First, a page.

Hélène Keraudren Baube & Edouard Sers, Grameen Crédit Agricole Foundation
To overcome the effects of this unprecedented health and economic crisis, the Foundation has had to innovate, adapt and coordinate with other key players in the sector of inclusive finance and social impact entrepreneurship. Transversal work that involves the whole Foundation team. To find out more, spotlight on the testimonials of two Foundation experts, Hélène Keraudren-Baube, Administrative and Financial Director, and Edouard Sers, Risk, Compliance and Social Performance Director.
1.How has the Covid-19 crisis impacted the internal organisation of the Foundation and that of supported organisations?
Hélène: We used telework overnight, but since it was already a possible modality at the Foundation, the transition was very fluid. In addition to providing the equipment for teleworking, we have also adapted the schedules to take into account the context of confinement with children at home. We have had a very special year, with no field mission for the team based in France since February, as usually investment officers all go on field missions several times a year. The Foundation’s Board of Directors conducted regular updates to monitor the situation and determine the best measures to support the teams and organisations funded. In addition, we spoke on a more regular basis with our governance to keep them informed of developments in the situation and activity.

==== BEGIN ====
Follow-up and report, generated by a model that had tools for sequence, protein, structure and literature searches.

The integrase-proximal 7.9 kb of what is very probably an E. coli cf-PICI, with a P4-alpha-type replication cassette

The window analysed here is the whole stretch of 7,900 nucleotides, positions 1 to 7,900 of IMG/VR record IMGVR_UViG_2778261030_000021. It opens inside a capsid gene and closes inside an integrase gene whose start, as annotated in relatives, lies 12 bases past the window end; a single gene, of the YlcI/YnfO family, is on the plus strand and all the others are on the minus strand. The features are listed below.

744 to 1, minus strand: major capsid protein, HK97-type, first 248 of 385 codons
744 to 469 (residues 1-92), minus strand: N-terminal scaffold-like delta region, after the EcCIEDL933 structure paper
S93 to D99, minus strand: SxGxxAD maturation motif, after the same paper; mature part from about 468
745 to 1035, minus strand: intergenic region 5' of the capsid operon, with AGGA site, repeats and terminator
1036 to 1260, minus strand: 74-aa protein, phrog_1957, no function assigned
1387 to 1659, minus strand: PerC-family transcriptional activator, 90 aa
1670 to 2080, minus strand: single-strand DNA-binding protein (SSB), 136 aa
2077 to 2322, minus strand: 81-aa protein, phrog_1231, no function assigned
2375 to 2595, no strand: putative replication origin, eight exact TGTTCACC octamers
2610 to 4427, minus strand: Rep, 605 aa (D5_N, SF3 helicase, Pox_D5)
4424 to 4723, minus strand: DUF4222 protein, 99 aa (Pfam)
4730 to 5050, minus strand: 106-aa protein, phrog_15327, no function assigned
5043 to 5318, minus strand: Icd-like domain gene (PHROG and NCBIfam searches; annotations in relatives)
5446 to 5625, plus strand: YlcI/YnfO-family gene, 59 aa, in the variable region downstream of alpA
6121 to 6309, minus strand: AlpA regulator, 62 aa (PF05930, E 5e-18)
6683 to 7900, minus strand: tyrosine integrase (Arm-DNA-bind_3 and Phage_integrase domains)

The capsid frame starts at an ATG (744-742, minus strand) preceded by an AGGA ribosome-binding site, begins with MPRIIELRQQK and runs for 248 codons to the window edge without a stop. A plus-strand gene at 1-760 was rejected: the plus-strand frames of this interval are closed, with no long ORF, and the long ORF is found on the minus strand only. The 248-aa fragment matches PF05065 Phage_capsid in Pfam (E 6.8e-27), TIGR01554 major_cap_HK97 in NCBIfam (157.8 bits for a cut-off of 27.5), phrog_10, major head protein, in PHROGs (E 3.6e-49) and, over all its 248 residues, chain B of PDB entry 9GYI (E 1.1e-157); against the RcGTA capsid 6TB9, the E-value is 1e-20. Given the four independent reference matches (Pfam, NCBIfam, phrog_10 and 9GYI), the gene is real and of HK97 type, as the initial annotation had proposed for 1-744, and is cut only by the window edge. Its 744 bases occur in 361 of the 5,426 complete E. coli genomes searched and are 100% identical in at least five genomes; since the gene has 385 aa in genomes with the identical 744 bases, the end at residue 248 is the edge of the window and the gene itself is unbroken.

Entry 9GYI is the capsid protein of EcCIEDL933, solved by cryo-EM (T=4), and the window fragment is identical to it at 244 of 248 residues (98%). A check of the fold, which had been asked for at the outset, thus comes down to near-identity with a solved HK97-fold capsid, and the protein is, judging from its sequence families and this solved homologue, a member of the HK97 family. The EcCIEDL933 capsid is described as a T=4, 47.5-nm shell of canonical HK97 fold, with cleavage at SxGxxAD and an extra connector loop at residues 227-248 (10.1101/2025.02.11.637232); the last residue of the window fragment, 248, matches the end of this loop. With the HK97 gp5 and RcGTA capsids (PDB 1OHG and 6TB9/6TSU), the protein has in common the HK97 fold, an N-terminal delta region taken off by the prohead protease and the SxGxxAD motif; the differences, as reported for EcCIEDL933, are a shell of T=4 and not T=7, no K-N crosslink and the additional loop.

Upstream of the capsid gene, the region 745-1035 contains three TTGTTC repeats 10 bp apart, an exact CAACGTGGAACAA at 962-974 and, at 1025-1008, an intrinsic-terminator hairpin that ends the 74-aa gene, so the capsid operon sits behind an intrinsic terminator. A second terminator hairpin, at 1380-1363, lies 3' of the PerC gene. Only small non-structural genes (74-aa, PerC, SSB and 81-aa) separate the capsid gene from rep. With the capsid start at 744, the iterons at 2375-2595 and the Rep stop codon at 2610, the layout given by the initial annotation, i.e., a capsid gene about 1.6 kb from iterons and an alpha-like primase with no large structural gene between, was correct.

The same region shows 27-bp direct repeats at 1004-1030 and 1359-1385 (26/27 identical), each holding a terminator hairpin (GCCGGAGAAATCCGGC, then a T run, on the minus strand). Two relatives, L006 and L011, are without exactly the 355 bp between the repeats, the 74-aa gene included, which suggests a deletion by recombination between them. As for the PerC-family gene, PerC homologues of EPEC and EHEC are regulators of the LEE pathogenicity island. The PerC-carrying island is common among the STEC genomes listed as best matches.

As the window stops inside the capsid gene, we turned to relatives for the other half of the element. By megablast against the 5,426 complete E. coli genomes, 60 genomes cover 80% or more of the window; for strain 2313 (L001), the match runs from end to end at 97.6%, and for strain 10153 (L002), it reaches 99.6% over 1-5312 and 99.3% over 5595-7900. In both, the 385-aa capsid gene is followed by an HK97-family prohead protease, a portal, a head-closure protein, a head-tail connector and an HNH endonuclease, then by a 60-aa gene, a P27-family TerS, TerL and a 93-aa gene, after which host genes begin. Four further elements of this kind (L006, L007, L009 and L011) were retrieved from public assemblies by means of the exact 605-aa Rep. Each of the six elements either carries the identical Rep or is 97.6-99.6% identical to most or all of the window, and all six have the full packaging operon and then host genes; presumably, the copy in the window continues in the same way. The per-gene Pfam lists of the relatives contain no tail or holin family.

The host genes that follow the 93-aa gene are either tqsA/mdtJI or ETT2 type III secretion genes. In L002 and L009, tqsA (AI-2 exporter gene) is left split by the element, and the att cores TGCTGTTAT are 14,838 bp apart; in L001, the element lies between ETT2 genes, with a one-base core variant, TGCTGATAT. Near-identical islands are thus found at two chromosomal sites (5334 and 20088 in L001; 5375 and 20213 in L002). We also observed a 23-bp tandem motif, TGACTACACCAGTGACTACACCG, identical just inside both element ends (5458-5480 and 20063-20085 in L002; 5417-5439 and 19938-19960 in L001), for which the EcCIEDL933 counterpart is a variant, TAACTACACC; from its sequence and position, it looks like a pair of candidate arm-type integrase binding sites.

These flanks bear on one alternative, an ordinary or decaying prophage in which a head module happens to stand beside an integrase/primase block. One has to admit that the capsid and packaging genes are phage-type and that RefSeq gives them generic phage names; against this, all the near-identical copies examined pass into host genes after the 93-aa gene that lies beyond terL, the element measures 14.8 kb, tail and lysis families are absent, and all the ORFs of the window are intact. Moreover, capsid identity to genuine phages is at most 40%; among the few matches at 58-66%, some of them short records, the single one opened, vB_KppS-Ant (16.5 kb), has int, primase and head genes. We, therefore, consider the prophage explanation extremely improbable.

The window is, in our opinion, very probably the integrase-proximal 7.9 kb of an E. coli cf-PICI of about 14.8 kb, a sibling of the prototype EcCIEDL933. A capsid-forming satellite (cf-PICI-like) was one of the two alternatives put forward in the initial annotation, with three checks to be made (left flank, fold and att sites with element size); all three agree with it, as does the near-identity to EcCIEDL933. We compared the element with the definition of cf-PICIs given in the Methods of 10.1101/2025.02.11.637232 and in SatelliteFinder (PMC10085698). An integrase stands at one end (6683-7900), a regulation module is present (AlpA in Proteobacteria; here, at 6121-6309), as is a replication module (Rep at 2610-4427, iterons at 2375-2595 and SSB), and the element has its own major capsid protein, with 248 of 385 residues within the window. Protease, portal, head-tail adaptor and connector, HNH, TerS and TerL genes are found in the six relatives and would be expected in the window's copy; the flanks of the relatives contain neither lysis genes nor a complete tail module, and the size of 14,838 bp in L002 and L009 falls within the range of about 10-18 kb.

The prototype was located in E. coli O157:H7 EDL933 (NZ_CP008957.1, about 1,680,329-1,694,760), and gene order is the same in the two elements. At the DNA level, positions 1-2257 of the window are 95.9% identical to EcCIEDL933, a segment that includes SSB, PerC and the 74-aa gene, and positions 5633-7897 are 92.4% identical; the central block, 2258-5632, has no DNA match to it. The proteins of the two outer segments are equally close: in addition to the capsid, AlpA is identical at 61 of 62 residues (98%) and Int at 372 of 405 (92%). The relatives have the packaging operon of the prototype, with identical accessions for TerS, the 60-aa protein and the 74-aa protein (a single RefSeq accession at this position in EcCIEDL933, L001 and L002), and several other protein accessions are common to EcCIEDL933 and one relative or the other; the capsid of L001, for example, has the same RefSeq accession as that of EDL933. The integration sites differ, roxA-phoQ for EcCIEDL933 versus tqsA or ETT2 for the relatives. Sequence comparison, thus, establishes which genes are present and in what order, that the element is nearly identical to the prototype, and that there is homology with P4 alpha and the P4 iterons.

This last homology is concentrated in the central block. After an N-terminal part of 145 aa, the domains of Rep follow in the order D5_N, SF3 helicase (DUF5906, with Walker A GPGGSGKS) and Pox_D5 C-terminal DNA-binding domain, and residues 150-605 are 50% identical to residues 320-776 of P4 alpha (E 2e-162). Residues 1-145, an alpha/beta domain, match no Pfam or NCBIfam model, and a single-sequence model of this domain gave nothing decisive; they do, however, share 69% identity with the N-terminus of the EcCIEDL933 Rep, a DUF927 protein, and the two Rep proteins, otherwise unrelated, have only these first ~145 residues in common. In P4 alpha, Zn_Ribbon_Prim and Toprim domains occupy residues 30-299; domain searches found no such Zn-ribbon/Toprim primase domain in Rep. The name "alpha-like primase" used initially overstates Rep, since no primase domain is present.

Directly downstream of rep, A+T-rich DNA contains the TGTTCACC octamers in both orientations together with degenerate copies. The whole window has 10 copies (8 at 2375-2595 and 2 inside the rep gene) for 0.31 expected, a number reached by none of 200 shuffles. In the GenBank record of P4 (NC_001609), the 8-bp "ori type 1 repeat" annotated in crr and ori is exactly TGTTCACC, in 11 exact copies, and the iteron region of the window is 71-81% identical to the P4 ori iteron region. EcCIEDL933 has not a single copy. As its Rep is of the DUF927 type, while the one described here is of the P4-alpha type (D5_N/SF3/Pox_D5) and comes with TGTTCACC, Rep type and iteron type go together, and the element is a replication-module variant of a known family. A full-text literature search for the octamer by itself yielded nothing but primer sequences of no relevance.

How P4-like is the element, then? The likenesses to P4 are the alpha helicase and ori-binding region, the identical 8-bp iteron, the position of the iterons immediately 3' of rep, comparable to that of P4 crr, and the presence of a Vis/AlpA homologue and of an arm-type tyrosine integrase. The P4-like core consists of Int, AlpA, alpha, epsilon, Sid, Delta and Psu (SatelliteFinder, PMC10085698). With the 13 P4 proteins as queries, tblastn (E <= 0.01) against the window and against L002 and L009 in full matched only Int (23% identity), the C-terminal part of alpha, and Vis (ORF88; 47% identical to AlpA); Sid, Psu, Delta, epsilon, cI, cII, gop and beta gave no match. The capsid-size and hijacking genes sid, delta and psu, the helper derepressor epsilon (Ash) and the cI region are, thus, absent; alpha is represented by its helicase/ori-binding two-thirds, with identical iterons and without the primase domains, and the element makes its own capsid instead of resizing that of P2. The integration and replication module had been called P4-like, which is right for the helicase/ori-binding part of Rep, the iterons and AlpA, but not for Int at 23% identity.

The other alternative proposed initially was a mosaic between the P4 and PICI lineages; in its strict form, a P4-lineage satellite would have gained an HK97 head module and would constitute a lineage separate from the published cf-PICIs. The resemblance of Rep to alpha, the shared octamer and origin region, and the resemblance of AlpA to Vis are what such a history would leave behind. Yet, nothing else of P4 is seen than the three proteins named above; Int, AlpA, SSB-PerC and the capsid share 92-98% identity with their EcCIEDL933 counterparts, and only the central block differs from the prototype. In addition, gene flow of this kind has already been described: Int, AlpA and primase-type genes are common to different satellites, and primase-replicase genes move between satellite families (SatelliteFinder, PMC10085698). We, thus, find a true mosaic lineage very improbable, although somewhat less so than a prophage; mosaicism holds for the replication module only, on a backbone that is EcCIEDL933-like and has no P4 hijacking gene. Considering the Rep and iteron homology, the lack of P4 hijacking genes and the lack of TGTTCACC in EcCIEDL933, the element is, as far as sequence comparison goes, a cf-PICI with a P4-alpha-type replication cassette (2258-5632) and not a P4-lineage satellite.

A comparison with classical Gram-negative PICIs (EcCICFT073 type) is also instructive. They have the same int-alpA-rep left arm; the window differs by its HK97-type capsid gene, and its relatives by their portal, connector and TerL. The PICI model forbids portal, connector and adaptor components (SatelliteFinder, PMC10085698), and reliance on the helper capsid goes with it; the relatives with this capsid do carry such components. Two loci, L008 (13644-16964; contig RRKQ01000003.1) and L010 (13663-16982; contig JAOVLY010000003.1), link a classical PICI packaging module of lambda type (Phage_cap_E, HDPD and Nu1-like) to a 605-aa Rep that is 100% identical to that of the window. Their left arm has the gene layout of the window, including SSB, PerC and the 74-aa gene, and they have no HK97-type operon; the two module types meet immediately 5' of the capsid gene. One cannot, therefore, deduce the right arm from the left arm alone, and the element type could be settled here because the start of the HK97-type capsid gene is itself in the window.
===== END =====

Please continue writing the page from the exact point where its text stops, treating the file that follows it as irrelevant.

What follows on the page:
2. What responses did the Foundation give to deal with it?
Edouard: The Foundation’s first response was to establish a rapid and permanent dialogue with the organisations it supports to understand the effects of the crisis, the measures implemented and their needs. The investment manager teams have remained in very close contact with all the organisations we support, and we have conducted regular surveys with them to understand the impacts of the crisis in the various countries of intervention. In addition, we launched the Covid-19 Observatory in which we regularly publish articles in order to share our analyses and inform stakeholders of developments in the situation. At the same time, we led an international coordination of lenders and inclusive finance players to act in close cooperation, to protect microfinance institutions and their clients and prevent any liquidity shock that would have destabilised the sector.
Hélène: We have adapted our monitoring and analysis tools and our requests for information, particularly with regard to business continuity plans and short-term cash flow plans. On the financial front, we have granted deadline extensions to around 30 Foundation partner organisations, mainly microfinance institutions. These extensions, from 6 to 12 months according to the different cases, took the form of amendments to loan contracts, and revised deadlines. This volume of postponement requests is completely unprecedented and has “stressed” our liquidity. We have refined our projection and monitoring tools to track the financial impact for the Foundation.
3. Regarding the international coalition, what are the first results?